They also oppose the death penalty, for a variety of reasons. And they’re against torture. Again, those tend to be more liberal stances.

On the other hand, they oppose gerrymandering, which is (or should be) a nonpartisan issue. And they oppose “big government” in the form of domestic mass surveillance, which is a conservative stance (at least by the traditional definition of “conservative”).

So I’d say, rather than picking one label or another, take a look at their stances on the issues — and their history — and decide for yourself.

…So basically, they’re a liberal organization?

Yeah, I’m not gonna lie, they are sorta liberal. But they’re very much an independent group. And as I said, they’ve opposed Democrats as well as Republicans on countless occasions, and will continue to do so.

Are they considered a charity?

No — the main ACLU organization is a nonprofit, but not a charity. They’re a 501(c)(4) “social welfare” organization, which primarily means they’re actively working with/against the government on issues. Donations are not tax-deductible.

There is also the ACLU Foundation, which basically does the same thing except minus the lobbying. Because of this difference, they’re a 501(c)(3) charitable organization, and donations to them are tax-deductible.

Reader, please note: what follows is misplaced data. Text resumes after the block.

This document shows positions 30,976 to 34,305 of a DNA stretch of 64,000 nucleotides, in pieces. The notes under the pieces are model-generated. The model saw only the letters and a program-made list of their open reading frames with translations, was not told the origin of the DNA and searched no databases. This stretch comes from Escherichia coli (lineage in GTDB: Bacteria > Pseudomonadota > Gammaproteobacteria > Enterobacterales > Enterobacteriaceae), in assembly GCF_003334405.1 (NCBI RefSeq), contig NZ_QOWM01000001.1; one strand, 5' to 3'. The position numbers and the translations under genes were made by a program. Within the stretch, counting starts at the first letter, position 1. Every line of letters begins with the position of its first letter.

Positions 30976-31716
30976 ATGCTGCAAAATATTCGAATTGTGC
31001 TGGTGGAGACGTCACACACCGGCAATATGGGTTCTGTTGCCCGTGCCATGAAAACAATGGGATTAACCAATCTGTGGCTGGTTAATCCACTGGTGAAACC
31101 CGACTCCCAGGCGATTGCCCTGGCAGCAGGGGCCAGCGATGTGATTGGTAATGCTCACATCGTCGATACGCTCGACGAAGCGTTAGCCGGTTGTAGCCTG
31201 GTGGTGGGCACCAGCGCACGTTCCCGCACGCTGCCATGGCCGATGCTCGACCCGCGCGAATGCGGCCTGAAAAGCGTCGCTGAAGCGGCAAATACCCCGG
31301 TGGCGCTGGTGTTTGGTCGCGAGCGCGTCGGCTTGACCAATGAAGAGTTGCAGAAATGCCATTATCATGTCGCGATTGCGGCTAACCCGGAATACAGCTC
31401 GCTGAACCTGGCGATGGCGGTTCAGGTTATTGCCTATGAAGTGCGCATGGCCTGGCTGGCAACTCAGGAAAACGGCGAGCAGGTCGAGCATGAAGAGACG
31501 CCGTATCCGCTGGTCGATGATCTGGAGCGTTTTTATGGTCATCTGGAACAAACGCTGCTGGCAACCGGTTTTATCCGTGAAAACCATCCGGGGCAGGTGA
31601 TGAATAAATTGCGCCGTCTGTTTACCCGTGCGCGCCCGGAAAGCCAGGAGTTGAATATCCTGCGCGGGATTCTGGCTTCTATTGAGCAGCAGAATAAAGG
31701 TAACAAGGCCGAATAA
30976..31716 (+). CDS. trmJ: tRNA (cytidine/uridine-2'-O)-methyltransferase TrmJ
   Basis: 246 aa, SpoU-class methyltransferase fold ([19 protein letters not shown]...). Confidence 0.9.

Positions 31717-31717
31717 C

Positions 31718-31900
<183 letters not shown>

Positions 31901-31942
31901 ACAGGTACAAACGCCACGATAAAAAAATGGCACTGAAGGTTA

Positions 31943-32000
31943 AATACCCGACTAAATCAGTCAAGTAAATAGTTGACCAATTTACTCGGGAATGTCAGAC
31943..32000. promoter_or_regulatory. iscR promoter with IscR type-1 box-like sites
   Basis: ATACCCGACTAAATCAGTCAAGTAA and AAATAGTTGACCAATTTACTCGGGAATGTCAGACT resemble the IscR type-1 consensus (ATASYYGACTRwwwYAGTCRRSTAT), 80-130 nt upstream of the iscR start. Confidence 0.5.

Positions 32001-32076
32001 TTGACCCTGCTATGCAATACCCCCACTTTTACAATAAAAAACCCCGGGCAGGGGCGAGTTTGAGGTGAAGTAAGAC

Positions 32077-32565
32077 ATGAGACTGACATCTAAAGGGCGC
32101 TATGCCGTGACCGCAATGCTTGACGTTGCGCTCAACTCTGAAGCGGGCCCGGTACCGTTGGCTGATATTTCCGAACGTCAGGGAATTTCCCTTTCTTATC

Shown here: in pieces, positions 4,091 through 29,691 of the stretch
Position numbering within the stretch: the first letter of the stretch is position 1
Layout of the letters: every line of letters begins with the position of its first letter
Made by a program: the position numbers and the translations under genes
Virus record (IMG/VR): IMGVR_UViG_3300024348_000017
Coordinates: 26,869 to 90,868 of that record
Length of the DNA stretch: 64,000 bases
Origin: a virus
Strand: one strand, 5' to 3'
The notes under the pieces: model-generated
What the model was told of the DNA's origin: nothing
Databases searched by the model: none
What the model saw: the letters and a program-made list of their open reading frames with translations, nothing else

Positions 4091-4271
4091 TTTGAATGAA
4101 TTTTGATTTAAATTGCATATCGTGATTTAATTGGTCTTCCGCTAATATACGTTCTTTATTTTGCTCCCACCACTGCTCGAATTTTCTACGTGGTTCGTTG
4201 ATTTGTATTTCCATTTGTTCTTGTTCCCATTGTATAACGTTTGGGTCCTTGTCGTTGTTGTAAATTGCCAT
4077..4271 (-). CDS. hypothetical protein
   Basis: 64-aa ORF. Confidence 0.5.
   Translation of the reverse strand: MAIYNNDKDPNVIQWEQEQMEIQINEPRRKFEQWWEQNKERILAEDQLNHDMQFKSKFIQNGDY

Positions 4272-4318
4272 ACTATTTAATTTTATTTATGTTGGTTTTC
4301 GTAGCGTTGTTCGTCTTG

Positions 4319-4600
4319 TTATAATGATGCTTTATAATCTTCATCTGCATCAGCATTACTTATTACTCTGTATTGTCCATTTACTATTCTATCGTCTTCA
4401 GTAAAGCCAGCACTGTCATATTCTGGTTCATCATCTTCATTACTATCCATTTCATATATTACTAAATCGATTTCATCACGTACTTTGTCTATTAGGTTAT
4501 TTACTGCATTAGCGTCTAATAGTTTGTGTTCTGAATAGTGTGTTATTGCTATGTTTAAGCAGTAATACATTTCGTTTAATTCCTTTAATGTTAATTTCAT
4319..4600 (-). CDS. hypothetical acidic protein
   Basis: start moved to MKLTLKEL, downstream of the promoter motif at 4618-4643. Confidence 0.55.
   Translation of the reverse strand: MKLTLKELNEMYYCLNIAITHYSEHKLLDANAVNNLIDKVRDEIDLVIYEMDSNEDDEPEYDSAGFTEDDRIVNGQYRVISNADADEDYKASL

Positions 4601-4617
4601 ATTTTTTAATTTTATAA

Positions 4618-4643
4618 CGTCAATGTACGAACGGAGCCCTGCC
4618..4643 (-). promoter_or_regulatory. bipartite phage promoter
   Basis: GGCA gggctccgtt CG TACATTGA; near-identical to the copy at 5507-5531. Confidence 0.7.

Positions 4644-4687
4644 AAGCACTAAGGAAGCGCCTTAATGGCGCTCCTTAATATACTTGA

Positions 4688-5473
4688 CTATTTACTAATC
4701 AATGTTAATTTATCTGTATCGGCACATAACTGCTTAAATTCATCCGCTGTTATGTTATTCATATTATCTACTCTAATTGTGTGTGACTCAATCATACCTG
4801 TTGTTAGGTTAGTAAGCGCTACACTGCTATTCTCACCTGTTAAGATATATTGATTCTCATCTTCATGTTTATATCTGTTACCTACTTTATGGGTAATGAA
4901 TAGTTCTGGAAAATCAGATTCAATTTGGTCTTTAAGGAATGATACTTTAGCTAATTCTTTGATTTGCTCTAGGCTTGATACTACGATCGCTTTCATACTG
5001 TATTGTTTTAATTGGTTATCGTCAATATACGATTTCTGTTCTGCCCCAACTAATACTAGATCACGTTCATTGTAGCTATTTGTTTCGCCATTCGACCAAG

Are they gearing up to oppose the Trump administration if & when it’s necessary?

Oh hellz yes. In just the first 6 days after Trump was elected, the ACLU got 120,000 donations. (That’s donations, not dollars.) Their first big conference call post-election was delayed by 10 minutes because of the sheer volume of people calling in (I was one of them). The ACLU has already done extensive research on the legality and constitutionality of Trump’s major proposals, and they’re lawyered up and ready to go.

If you love the ACLU so much, why don’t you marry it?

Betsy said no.

But you really think these guys are among our top champions of liberty?

Yes I do.

What was that link again?


2 responses to “A closer look at the ACLU

  1. I think you need to educate yourself a bit more on the ACLU. There is always another side to every position and I hope you will take time to look at it and perhaps rethink giving your hard-earned dollars to this group.

    Regarding their “support” for free speech, they tend to scream loudest for liberal causes, but remain suspiciously quiet on others. As a so called “non-partisan” organization, their inconsistency concerns me.

    Examples are below:

    • To quote from your second link: “I’m a big, big supporter of the ACLU and I think they (normally) do amazing work protecting our civil liberties — even in situations where others might shy away.” Of course, like that writer, I don’t agree with all their decisions. I’d be hard-pressed to find any nationwide, 100-year-old organization whose decisions I agree with completely. But overall, they fit my thinking closely enough that I feel good about supporting them.